What could Leela do to stop the popular kids in school from bullying her friend? Then she finds courage in the history books.
Leela and Deepa were halfway home from school when something hit Deepa’s leg. It was a raw mango.
“What’s the matter, Deepa? No money for a skirt that covers you properly?”
Roopa, the most popular girl at school, and all of her friends walked past Leela and Deepa, laughing.
Every day, Roopa made fun of Deepa for being poor. Leela knew she should stand up for Deepa, but she was afraid that if she said something, Roopa would bully her as well. When Roopa picked on you, life was miserable.
“Are you okay?” Leela asked her best friend.
Deepa simply shrugged.
At home, Leela couldn’t concentrate. All she could think about was Deepa. She pulled out one of her favourite books, which was about Indian freedom fighters. She opened to the story of the Rani of Jhansi. The rani was an expert sword fighter. When the British invaded her kingdom, she fought valiantly with her baby strapped to her back. Even though the fight was difficult, she was not afraid; she knew she had to do what was right. The rani died that day, but she died fighting for justice.
Leela sighed. If only she had the courage of a rani, she could help Deepa. But she wasn’t a rani. She didn’t know what to do.
The next morning, Deepa wasn’t in front of her house like she always was. Leela knocked on the door and asked Deepa’s mother where her friend was.
“Deepa’s not going to school today,” Deepa’s mother told Leela. “Her stomach hurts.”
Deepa only got stomach aches when she was nervous about something. Leela was sure she knew what Deepa was nervous about today: being bullied.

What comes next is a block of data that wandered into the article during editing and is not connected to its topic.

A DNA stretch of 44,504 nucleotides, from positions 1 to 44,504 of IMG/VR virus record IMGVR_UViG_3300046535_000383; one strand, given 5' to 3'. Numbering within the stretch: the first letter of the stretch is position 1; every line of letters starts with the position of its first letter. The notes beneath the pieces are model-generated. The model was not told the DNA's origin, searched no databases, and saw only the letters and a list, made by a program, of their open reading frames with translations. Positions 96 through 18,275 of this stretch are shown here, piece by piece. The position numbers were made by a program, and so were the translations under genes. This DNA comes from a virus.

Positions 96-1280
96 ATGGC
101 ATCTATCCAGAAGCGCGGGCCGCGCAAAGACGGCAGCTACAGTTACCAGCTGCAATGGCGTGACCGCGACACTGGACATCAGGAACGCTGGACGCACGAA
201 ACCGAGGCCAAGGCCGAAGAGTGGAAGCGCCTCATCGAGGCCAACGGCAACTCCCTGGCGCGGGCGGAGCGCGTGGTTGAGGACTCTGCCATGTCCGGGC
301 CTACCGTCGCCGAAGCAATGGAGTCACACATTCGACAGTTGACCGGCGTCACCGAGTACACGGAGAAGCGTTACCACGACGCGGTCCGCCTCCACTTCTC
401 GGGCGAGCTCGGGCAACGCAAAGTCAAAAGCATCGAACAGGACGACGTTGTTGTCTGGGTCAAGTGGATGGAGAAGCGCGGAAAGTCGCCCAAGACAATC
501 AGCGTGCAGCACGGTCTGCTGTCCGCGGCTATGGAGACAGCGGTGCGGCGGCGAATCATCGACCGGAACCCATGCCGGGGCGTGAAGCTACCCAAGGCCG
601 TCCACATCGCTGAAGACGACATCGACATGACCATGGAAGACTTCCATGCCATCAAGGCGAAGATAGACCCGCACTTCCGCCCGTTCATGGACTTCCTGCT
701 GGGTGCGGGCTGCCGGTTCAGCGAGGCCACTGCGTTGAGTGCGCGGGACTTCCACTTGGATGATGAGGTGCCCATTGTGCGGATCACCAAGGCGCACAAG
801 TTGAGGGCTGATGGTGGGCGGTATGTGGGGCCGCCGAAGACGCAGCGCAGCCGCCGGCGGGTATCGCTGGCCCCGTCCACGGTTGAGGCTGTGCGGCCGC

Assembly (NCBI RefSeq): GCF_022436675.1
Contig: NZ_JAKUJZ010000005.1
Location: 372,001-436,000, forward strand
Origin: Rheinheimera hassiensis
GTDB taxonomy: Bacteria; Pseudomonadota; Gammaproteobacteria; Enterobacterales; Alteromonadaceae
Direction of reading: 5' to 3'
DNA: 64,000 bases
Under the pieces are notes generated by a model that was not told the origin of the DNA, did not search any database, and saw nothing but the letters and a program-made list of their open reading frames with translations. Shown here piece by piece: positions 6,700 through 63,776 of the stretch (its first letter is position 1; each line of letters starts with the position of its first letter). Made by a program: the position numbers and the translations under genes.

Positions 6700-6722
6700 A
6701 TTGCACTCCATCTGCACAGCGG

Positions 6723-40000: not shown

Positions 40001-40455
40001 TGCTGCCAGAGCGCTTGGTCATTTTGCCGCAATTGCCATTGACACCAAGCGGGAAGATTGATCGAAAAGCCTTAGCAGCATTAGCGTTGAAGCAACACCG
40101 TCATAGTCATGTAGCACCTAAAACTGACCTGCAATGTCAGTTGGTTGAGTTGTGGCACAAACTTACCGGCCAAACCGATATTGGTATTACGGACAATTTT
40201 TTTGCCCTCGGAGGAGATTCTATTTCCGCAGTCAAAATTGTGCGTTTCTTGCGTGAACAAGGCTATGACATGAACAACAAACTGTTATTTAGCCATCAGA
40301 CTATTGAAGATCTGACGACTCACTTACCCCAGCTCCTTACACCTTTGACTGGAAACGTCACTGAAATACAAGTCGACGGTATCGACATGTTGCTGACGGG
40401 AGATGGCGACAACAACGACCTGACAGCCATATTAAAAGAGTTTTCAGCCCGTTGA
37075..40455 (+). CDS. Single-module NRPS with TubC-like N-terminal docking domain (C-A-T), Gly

At school, Roopa smiled at Leela and waved, “Come, Leela. My mom bought some plum cake. Want to share with me?”
How could Roopa be so nice to Leela and so mean to Deepa? Leela knew she had to stand up for her friend. But how? She was frightened.
Then Leela thought about the Rani of Jhansi. How she had rushed into battle to save her subjects, even though she was risking her life. How she knew that sometimes, to help others, you have to do something even if it scares you.
It was time to stop acting like a kid and to start acting like a rani.
Leela took a deep breath and said, “Roopa, can I talk to you about something?”
“Tell me,” Roopa said, with that same friendly smile.
“I don’t understand why you bully Deepa,” Leela said. “She feels hurt and embarrassed. I wish you would stop.”
“Really?” Roopa seemed genuinely surprised. “But we were just being funny.”
“It’s not funny to me,” Leela said. “And it’s certainly not to Deepa.”
“You both are too sensitive,” Roopa said and walked away.
Oh well, Leela thought, I tried.
The next day, Leela and Deepa walked to school together as usual.
“Are you feeling better?” Leela asked.
Deepa shrugged. Leela missed her lively and happy friend who wouldn’t stop talking. If only the bullying would stop, she could have her friend back.
When they got to school, Roopa waved at them. Leela braced herself, waiting for the inevitable comment or taunt. But instead, Roopa said, “Hi Leela. Hi Deepa.”
Leela relaxed and thought maybe Deepa relaxed a little bit too. Later that afternoon, when Roopa walked past them, she and her friends didn’t say anything.
“Wow,” Deepa said. “What happened?”
“Maybe they finally realised how much their bullying hurts other people,” Leela said. It seems like what she said had made a difference. At that moment, Leela felt powerful and brave — just like the Rani of Jhansi.